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Clin Exp Dermatol. 1993 Jul;18(4):300-4.

Skin microflora of atopic eczema in first time hospital attenders.

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  • 1Department of Paediatric Dermatology, Queen Elizabeth Hospital for Children, London, UK.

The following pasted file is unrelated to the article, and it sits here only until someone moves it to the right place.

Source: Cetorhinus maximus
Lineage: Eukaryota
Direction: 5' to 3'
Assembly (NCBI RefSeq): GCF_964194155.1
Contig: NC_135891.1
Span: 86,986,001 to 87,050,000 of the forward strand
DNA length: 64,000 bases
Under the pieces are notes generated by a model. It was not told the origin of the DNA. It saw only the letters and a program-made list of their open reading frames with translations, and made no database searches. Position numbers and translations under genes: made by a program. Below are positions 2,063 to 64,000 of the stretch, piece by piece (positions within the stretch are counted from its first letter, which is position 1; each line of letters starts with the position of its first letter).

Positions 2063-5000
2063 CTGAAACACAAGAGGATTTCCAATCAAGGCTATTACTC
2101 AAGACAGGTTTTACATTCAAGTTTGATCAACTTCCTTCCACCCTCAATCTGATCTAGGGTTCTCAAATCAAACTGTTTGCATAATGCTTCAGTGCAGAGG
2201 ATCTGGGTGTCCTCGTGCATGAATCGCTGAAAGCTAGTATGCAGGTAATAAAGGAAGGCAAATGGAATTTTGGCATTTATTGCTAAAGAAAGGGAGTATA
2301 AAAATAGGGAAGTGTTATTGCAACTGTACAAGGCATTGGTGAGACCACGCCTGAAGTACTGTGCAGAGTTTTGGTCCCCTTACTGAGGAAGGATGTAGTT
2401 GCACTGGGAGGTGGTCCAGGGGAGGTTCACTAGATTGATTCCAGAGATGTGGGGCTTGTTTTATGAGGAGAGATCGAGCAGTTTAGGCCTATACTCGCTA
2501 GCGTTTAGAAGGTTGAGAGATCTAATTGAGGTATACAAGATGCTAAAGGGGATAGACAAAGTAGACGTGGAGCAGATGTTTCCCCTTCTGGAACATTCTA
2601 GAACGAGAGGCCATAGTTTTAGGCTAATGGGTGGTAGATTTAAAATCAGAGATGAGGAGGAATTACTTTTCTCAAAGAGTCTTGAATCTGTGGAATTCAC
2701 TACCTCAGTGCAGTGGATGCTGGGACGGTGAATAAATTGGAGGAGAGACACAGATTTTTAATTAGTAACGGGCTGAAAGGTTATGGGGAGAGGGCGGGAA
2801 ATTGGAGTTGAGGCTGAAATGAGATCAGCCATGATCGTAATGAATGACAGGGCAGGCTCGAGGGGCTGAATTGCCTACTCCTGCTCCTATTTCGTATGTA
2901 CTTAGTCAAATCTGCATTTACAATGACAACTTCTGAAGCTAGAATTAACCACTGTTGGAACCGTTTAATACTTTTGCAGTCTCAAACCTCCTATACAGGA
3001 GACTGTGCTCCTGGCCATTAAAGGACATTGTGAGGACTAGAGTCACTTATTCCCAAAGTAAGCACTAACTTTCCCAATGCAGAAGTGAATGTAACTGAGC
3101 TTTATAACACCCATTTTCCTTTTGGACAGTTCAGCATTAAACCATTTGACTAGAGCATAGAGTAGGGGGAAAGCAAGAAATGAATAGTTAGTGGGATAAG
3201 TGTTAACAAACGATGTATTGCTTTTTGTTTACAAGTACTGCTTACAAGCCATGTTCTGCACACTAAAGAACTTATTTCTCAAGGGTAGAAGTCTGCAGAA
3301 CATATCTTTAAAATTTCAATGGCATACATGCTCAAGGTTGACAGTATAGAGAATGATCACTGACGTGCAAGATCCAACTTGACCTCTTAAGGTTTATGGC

The bacterial flora of the skin was assessed quantitatively in 50 children with eczema, aged 6 months to 14 years, referred to the hospital for the first time. Twenty nonatopic controls with an unrelated non-infective disorder were also studied. Cotton-tipped swabs and contact agar discs were taken from the worst affected area of eczema and from an uninvolved site in patients and from the forearm in controls. Swabs were also taken from the nose, axilla and groin in all children. Bacterial colonization of the skin was consistently more common and greater in amount from patients compared with controls. Staphylococcus aureus was the most common pathogen isolated from patients only; from the worst affected area of eczema in 74% of patients and from an uninvolved skin site in 30% of patients. Quantitative assessment showed that the density of colonization was proportional to the severity of eczema. The most common S. aureus phage group was group II accounting for 32% of strains. Resistance to penicillin was present in 88% of strains and to two or more antibiotics in 38% of strains. No relationship was noted between the pattern of resistance and phage group.

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